Summer is coming, and that means lightning storms can be a risk on any scout outing.
Being aware of the safety risks associated with lighting can help you keep your Scouts safe.
Our friends at the National Weather Service recommend, “When Thunder Roars, Go Indoors!”
According to the weather service’s website, “The only completely safe action is to get inside a safe building or vehicle.”
That advice, however, does not apply to backcountry camping and hiking where we go with Scouts in Montana.
Remember that if you can hear thunder, you are at risk from lighting. That means to take these steps for lightning safety as soon as you hear thunder.
If you are in an area with buildings (like a Scout camp) or cars nearby:
- When you hear thunder, immediately move to a safe shelter like inside a building or inside a car or truck with a metal top and the windows up. You are very safe if you are inside a building or a closed vehicle.
- Do not stand on open porches to watch the storm. Stay inside the closed building and away from windows.
When a Safe Building or Hard-topped Vehicle is Not Close By:
- Remember that there is no safe place outdoors during a thunderstorm. Only safer places.
- You do not have to be under a thundercloud to be a risk from lightning. Lightning can strike up to seven miles from a storm cloud and can happen even when there is blue-sky overhead. Take lightning precautions as soon as you hear thunder.
- You can reduce your risk by making good decisions.
- Plan ahead and get away from places of high danger when you first hear thunder.
- Watch the weather – there is no such thing as a surprise storm!
- Change your mountain summit trip plan and turn around and go downhill if you hear thunder.
- Remember that tents are not safe like a building in a lightning storm. It is important to place your tents in safe areas. Plan on nighttime storms even when the weather is nice in the evening. Storms can happen suddenly in the middle of the night so be prepared and set your camp up to be lightning safe every evening.
- Locate your tent in a low site area. Do not set up tents close to tall trees, on ridge tops, and in open places where your tent is the highest object around.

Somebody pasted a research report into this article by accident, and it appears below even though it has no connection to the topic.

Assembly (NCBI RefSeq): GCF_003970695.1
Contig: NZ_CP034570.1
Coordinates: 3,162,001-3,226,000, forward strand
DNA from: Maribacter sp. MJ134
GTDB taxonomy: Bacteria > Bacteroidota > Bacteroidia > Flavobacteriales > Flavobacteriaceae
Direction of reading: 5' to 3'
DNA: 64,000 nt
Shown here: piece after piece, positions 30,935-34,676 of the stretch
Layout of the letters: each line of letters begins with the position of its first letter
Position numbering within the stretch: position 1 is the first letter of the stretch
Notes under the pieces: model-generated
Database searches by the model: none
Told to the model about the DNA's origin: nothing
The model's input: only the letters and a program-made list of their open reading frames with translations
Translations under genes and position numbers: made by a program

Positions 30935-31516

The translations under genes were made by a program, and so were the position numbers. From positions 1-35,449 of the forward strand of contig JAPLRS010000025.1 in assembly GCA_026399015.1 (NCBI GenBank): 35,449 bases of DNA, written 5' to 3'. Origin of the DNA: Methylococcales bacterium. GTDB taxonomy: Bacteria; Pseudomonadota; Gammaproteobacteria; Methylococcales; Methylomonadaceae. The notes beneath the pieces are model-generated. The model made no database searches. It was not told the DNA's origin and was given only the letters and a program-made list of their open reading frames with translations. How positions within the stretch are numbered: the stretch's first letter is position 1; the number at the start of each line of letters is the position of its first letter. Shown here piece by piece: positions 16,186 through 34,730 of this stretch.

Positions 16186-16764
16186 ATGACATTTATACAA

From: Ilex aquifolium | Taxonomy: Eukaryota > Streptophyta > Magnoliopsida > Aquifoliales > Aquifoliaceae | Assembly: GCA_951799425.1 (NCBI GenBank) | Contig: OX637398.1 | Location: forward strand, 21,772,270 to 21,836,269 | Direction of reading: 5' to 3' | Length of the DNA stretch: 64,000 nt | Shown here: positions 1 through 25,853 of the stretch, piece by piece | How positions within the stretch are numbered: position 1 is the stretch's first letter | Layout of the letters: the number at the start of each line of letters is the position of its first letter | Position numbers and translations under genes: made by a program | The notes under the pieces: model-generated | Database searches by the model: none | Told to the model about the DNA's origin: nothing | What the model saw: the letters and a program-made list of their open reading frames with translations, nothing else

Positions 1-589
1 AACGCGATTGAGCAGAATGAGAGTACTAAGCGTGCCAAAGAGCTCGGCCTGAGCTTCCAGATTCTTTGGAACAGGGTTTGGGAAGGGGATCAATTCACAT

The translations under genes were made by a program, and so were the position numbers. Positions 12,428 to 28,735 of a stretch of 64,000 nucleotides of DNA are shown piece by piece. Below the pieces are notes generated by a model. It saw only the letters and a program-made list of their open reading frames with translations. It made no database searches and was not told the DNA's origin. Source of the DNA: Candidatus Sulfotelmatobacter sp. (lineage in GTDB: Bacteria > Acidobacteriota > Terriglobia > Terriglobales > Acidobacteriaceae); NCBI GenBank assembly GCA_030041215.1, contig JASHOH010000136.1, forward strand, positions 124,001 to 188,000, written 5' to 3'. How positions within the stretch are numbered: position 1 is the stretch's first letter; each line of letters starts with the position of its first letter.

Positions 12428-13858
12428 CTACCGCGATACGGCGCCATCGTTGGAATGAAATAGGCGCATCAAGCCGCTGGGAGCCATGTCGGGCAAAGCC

- We recommend not camping in open areas, but if you have to camp in an open area, pick the lowest spot you can and plan on a route to a safer place lower down than your tents until 30 minutes after the last thunder.
- Talk about lightning safety with your Scouts before every trip and plan to be as safe as possible.
- Do not lie down in your tent in a thunderstorm – sit up in the tent until 30 minutes after the last thunder.
- Never take shelter near or under high trees or lone trees and avoid the edge of lakes/rivers as these areas are more prone to lightning strikes.
- Get off/out of the water and away from the water when you hear thunder.
- Get away from fence lines as fences can conduct electricity from lightning strikes far away.
Last Resort Outdoor Risk Reduction Tips
If you are caught outside with no safe shelter anywhere nearby the following actions may reduce your risk:
- Immediately get off elevated areas such as hills, mountain ridges or peaks.
- Never lie flat on the ground.
- Never shelter under an isolated tree.
- Never use a cliff for shelter or be in the opening of a rocky overhang or cave during a storm.
- Immediately get out of the water and away from ponds, lakes and other bodies of water.
- Stay away from objects that conduct electricity (barbed wire fences, power lines, windmills, etc.).
Scouters: Remember, Hazardous Weather training must be completed prior to you taking your unit in any outing.
The BSA online Hazardous Weather training module presents safety precautions for eight different types of weather, as well as planning, preparation, and traditional weather signs. You will answer questions about the topics after each section. Completion is noted automatically in the BSA training records database if the module is experienced online. Estimated time to complete: 40 minutes.
To take this course, simply log in to My.Scouting.org and take the online training course under E-Learning.
The BSA’s Guide to Safe Scouting has a section devoted to Lightning Risk Reduction. Take time to read it.
Montana Council Risk Management Committee
Article editor/contributor: Dr. Chris Servheen, Chair Council Conservation Committee